“The Sutton Trust would like to see sustainable and well-funded support for young people experiencing mental health issues, including preventative and early intervention services. Further support should be targeted at the most deprived areas, to provide better access to mental health support.”

Geoff Barton, General Secretary of the Association of School and College Leaders, said:

“The fact that the incidence of poor mental health among young people remains very high is not only the legacy of the pandemic but also the impact of the ongoing cost-of-living crisis on families.

“Even before this surge in demand, specialist mental health services in many areas were unable to cope. Consequently, young people with complex needs often face very long and unacceptable waits for the support they urgently require. This in turn plays a part in the high rates of pupil absence experienced across the country with young people missing out on education that is vital to their life chances.

“It is particularly disturbing that this study finds that young people in the most deprived parts of the country are less likely to have received support than those in affluent areas. Once again, it seems that it is the poorest who suffer the most.

“It is of the utmost importance that more resources are put into mental health support services for young people, that those who require specialist treatment receive that treatment immediately, and that the government tackles the very high rate of child poverty in the UK.

“None of this should really need saying and yet we seem to be in a situation of having said this repeatedly for years without this action being taken.”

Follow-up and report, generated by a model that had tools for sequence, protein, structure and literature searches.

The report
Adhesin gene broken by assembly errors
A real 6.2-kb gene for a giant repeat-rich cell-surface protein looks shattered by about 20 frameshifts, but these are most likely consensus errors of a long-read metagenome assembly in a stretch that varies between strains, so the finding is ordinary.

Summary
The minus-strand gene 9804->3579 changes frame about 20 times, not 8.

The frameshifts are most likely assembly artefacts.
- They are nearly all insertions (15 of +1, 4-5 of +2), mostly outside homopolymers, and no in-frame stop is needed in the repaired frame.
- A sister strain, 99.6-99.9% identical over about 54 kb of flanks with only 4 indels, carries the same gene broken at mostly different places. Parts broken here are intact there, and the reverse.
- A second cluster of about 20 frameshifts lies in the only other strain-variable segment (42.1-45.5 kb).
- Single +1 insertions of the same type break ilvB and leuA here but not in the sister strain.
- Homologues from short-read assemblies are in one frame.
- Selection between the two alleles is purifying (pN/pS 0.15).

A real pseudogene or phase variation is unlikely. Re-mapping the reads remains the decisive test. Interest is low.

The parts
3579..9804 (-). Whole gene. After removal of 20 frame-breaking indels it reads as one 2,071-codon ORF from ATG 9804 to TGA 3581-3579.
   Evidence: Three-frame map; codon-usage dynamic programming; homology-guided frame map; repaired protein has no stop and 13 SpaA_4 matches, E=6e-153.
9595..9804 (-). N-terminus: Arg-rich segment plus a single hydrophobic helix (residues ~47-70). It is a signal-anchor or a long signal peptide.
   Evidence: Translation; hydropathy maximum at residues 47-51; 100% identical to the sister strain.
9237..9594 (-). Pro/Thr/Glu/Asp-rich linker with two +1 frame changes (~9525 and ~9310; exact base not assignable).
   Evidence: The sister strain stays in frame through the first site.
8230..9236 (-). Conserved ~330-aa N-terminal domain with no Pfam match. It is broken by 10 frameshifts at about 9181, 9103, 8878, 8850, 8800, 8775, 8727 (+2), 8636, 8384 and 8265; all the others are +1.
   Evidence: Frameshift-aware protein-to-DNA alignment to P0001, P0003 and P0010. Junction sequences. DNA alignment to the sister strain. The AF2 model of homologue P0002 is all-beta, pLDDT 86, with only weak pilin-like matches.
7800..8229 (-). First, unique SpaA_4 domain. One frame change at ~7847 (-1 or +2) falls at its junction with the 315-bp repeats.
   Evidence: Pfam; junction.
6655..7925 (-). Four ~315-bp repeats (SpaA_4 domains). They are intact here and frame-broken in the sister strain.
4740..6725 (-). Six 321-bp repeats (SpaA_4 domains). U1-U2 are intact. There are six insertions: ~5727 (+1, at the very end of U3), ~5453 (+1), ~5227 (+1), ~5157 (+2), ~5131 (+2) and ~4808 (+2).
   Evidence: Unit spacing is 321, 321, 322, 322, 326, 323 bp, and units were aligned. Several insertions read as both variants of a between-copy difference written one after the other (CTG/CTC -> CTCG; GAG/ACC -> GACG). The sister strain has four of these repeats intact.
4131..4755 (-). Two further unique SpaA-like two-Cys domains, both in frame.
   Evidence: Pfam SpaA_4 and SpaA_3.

Daniel Kebede, General Secretary of the National Education Union, said: 

“These new findings underline the importance of investing in education and in young people. The pandemic has a serious impact on the mental and emotional health of children and young people, yet the Government’s response was narrowly focussed on academic support which was often inadequate and poorly funded. 

“After a decade of cuts to school and local authority budgets, mental health support for young people has been harder and harder to access, and the Government has shown no signs of changing course. As these findings show, it is once again children in the most deprived communities who are facing the greatest challenges in accessing the support they need. 

“We know that school staff are seeing rising levels of need in schools and that schools are working hard to respond. The Government work towards restoring funding levels for schools and local authorities, and step up support for community mental health provision and services like CAMHS to stop the effects of this growing crisis from snowballing.”